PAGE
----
Asynchronous Contact Mechanics
David Harmon, Etienne Vouga, Breannan Smith, Rasmus Tamstorf, and Eitan Grinspun SIGGRAPH ( ACM Transactions on Graphics ), 2009 We develop a method for reliable simulation of elastica in complex contact scenarios. Our focus is on firmly establishing three parameterindependent guarantees: that simulations of wellposed problems (a) have no interpenetrations, (b) obey causality, momentum and energyconservation laws, and (c) complete in finite time. We achieve these guarantees through a novel synthesis of asynchronous variational integrators, kinetic data structures, and a discretization of the contact barrier potential by an infinite sum of nested quadratic potentials. In a series of two and threedimensional examples, we illustrate that this method more easily handles challenging problems involving complex contact geometries, sharp features, and sliding during extremely tight contact. 
On the Smoothness of RealValued Functions Generated by Subdivision Schemes Using Nonlinear Binary Averaging
Ron Goldman, Etienne Vouga, and Scott Schaefer Computer Aided Geometric Design, 2009 Our main result is that two point interpolatory subdivision schemes using C^k nonlinear averaging rules on pairs of real numbers generate realvalued functions that are also C^k. The significance of this result is the following consequence: Suppose that S is a subdivision algorithm operating on sequences of real numbers using linear binary averaging that generates C^m realvalued functions and S is the same subdivision procedure where linear binary averaging is replaced everywhere in the algorithm by a C^n nonlinear binary averaging rule on pairs of real numbers; then the functions generated by the nonlinear subdivision scheme S are C^k , where k = min(m, n). 
Robust Treatment of Simultaneous Collisions
David Harmon, Etienne Vouga, Rasmus Tamstorf, and Eitan Grinspun SIGGRAPH ( ACM Transactions on Graphics ), 2008 Robust treatment of complex collisions is a challenging problem in cloth simulation. Some state of the art methods resolve collisions iteratively, invoking a failsafe when a bound on iteration count is exceeded. The bestknown failsafe rigidifies the contact region, causing simulation artifacts. We present a failsafe that cancels impact but not sliding motion, considerably reducing artificial dissipation. We equip the proposed failsafe with an approximation of Coulomb friction, allowing finer control of sliding dissipation.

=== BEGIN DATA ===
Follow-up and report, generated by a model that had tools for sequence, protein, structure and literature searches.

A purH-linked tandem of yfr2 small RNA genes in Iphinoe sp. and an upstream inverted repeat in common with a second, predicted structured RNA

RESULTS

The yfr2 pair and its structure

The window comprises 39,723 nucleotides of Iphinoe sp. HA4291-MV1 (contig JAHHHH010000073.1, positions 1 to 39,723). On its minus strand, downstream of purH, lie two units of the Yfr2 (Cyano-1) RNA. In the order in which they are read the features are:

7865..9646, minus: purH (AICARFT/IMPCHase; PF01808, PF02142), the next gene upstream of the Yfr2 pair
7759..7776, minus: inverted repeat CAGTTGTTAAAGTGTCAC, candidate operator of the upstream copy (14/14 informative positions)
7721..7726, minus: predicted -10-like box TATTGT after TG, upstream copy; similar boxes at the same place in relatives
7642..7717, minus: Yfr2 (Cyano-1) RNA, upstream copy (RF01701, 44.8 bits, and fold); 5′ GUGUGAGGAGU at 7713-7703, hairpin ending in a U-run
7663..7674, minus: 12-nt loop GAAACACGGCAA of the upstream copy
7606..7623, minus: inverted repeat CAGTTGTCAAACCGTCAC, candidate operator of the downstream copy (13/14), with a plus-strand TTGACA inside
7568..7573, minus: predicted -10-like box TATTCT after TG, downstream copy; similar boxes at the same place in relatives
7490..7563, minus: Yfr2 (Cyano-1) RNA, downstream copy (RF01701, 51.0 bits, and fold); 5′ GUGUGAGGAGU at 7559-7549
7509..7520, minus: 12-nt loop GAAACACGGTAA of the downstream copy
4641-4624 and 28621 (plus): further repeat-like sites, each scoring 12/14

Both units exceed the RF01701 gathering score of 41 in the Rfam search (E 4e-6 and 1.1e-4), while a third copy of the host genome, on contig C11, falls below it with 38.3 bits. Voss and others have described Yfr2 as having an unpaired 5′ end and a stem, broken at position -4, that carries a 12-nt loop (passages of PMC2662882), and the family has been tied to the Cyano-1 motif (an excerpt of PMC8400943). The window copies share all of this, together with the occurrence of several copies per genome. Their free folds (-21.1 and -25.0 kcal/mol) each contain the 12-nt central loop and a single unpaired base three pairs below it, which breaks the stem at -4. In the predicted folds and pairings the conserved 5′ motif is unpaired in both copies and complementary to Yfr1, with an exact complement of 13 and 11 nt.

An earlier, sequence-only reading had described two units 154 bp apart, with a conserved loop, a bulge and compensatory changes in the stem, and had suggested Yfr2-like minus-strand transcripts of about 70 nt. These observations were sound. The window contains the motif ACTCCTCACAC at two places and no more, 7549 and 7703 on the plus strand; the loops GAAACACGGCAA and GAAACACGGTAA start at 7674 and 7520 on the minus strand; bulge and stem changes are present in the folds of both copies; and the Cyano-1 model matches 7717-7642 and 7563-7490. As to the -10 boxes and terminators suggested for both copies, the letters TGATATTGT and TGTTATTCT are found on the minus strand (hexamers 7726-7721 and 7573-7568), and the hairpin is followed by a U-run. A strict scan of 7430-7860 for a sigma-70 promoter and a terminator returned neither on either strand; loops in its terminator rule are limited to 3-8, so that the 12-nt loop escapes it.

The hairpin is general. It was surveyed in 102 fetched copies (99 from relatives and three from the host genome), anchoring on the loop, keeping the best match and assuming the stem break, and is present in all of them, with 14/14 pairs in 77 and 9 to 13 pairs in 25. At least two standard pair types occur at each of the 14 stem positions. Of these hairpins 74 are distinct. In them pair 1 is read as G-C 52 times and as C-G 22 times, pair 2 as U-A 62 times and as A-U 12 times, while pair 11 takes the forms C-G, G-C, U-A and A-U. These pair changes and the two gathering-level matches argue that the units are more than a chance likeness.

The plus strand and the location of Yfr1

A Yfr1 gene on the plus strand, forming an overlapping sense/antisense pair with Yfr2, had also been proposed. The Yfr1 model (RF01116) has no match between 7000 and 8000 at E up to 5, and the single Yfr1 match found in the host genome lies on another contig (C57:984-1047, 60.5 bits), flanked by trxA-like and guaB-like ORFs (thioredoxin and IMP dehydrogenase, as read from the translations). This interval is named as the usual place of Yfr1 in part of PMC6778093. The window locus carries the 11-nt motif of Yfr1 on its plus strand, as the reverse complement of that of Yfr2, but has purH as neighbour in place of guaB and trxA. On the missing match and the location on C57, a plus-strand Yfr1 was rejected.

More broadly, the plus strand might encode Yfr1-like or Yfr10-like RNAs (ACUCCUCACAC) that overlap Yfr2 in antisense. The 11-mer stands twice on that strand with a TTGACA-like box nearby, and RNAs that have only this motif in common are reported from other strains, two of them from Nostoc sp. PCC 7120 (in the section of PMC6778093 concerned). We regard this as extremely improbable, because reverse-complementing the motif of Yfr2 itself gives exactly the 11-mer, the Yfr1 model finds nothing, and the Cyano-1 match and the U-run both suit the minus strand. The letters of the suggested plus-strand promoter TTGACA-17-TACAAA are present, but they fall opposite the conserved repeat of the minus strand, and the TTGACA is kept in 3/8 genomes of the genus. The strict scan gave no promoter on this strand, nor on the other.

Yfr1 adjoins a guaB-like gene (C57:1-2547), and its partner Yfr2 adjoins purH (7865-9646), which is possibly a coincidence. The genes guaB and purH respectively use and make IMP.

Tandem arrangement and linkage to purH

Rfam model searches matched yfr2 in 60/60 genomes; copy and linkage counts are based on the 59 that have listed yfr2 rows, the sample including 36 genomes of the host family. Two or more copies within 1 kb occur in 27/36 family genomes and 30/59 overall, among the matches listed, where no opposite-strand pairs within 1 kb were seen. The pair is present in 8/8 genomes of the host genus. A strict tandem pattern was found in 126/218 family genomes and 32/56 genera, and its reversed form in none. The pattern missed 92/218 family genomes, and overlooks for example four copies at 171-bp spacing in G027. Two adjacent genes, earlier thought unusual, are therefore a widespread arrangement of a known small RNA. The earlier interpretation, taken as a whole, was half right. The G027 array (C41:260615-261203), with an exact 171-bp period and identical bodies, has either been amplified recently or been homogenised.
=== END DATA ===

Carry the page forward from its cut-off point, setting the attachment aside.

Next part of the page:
Nonlinear Subdivision Through Nonlinear Averaging
Scott Schaefer S, Etienne Vouga, and Ron Goldman Computer Aided Geometric Design, 2008 We investigate a general class of nonlinear subdivision algorithms for functions of a real or complex variable built from linear subdivision algorithms by replacing binary linear averages such as the arithmetic mean by binary nonlinear averages such as the geometric mean. Using our method, we can easily create stationary subdivision schemes for Gaussian functions, spiral curves, and circles with uniform parametrizations. More generally, we show that stationary subdivision schemes for e^p(x), cos(p(x)) and sin(p(x)) for any polynomial or piecewise polynomial p(x) can be generated using only addition, subtraction, multiplication, and square roots. The smoothness of our nonlinear subdivision schemes is inherited from the smoothness of the original linear subdivision schemes and the differentiability of the corresponding nonlinear averaging rules. While our results are quite general, our proofs are elementary, based mainly on the observation that generic nonlinear averaging rules on a pair of real or complex numbers can be constructed by conjugating linear averaging rules with locally invertible nonlinear maps. In a forthcoming paper we show that every continuous nonlinear averaging rule on a pair of real or complex numbers can be constructed by conjugating a linear averaging rule with an associated continuous locally invertible nonlinear map. Thus the averaging rules considered in this paper are actually the general case. As an application we show how to apply our nonlinear subdivision algorithms to intersect some common transcendental functions.